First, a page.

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5 Ways to burp your baby


Baby burps are the holy grail of feeding time, easing belly pain and making room for more milky goodness. Helping little ones to burp isn’t one-size-fits-all – what works for one tot may not work for another so it’s handy to have a whole bunch of winding techniques in your burping arsenal!

Some bubs prefer the tried and true over-the-shoulder technique, others get rid of their belly bubbles laying face-down. And some days all the usual tricks just won’t work – that’s when it’s time to try something different.

Why do I need to burp baby?

When babies drink, they also swallow air – this is whether they bottle or breastfeed. The trapped bubbles can give them a bit of a belly ache and give them the feeling that they’re full. So getting that air out with a burp not only helps tots feel more comfortable, they’ll also finish their feed properly.

When should I burp my baby?

Give breastfeeding bubs a chance to bring up wind as you’re switching breasts. If they’re only feeding from one breast at each feed, go for a mid-feed burp. If baby is squirming or uncomfortable, try burping before offering more milk.

Formula fed bubs can be burped every 60 to 90mls, or when they seem to be uncomfortable. If bub falls asleep happily at the end of a feed, there’s no need to wake and burp.

We’ve gathered the best baby burping techniques, including tips and tricks from other mums to give you the best chance of getting rid of bub’s wind.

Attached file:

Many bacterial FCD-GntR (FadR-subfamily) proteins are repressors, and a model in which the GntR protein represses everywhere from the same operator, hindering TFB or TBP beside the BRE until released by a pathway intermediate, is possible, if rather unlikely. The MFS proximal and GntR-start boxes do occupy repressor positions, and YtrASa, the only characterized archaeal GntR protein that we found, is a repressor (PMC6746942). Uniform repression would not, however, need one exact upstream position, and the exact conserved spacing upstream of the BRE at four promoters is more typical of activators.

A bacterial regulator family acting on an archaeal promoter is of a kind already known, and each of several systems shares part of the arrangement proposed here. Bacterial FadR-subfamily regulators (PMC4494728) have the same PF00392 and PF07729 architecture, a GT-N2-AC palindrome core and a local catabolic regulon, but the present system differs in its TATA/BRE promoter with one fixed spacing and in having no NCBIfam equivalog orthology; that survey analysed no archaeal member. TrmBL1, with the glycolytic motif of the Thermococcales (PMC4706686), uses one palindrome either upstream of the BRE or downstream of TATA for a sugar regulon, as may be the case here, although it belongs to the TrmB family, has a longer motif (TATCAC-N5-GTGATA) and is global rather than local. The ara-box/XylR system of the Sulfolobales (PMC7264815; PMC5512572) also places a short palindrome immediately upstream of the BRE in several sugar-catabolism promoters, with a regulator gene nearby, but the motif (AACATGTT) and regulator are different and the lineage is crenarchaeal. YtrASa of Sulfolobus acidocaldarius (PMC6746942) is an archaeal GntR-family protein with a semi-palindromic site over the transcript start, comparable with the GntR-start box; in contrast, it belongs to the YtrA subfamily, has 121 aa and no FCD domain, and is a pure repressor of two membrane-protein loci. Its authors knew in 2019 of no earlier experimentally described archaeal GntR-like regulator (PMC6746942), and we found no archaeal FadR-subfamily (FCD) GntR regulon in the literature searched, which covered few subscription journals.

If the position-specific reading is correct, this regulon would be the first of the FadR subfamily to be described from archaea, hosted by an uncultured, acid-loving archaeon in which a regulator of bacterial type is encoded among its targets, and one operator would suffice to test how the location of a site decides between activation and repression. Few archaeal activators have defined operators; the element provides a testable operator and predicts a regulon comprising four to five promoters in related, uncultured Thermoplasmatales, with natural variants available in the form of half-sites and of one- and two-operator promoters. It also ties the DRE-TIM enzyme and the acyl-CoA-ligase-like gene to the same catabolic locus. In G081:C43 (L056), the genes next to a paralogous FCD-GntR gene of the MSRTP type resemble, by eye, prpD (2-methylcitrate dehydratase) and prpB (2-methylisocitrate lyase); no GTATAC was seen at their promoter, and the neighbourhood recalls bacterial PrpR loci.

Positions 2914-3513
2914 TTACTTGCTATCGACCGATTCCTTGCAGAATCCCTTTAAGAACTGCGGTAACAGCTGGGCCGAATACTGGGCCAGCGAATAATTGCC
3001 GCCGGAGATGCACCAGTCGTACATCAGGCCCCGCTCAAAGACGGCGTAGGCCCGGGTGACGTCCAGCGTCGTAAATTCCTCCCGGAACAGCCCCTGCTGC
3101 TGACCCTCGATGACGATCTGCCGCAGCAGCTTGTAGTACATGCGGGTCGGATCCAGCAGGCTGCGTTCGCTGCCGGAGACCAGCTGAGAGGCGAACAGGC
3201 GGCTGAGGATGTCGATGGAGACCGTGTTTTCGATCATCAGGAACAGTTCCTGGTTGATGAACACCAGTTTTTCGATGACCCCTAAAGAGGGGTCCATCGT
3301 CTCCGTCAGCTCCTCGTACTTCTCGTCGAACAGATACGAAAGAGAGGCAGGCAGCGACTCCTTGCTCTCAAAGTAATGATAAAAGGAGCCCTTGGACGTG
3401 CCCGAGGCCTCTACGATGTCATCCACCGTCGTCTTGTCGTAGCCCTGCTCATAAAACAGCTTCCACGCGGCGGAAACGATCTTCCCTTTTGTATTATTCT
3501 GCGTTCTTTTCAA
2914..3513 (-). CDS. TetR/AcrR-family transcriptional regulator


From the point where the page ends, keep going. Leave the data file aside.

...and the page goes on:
Here are the top five ways to help baby burp.

1. Pressure point

This handy burping tip comes from Mum’s Grapevine Group member Elise:

“We had our six-week checkup yesterday and I mentioned to my doctor that my boy generally has a lot of spit up and can have wind pain. He said it’s all based around the air not coming out quick enough and of course their weak oesophagus. He said when burping to hold bubs upright with his/her back to your chest, hold under the chin for head support and gently apply pressure on their tummy with your hand. It works wonders! We have done this every feed since and there has been very little to no spit up and no discomfort. Most times you can feel the burp on your hand when it’s about to come up. It may not help all or all the time but hopefully a few get lucky!”

2. Over the shoulder

The most ‘traditional’ burping position, this is the one your mum probably taught you. Just support bub’s bottom with one hand, and pop them against your shoulder. Then either pat their back. Handy hint: pop a cloth over your shoulder just in case it’s a wet burp!

3. Sitting up

Pop baby on your lap in a sitting position, leaning forward just a little. Use one hand to support baby’s head and chest and the other to gently rub or pat their back. Again, a burp cloth tossed over your legs is a good idea.

4. Belly down

Put bub on their belly across your lap, with their tummy on one of your legs and their head on the other. Slightly turn bub’s head to the side, then while one hand holds bub, pat or rub their back with your free hand.

5. Walking

Bub will need to have some control over their head to use this technique. Hold your tot on your front, facing outwards while you walk. Put one hand under baby’s bottom and your other arm across their belly for some gentle pressure and fingers cross you should get a walking burp!


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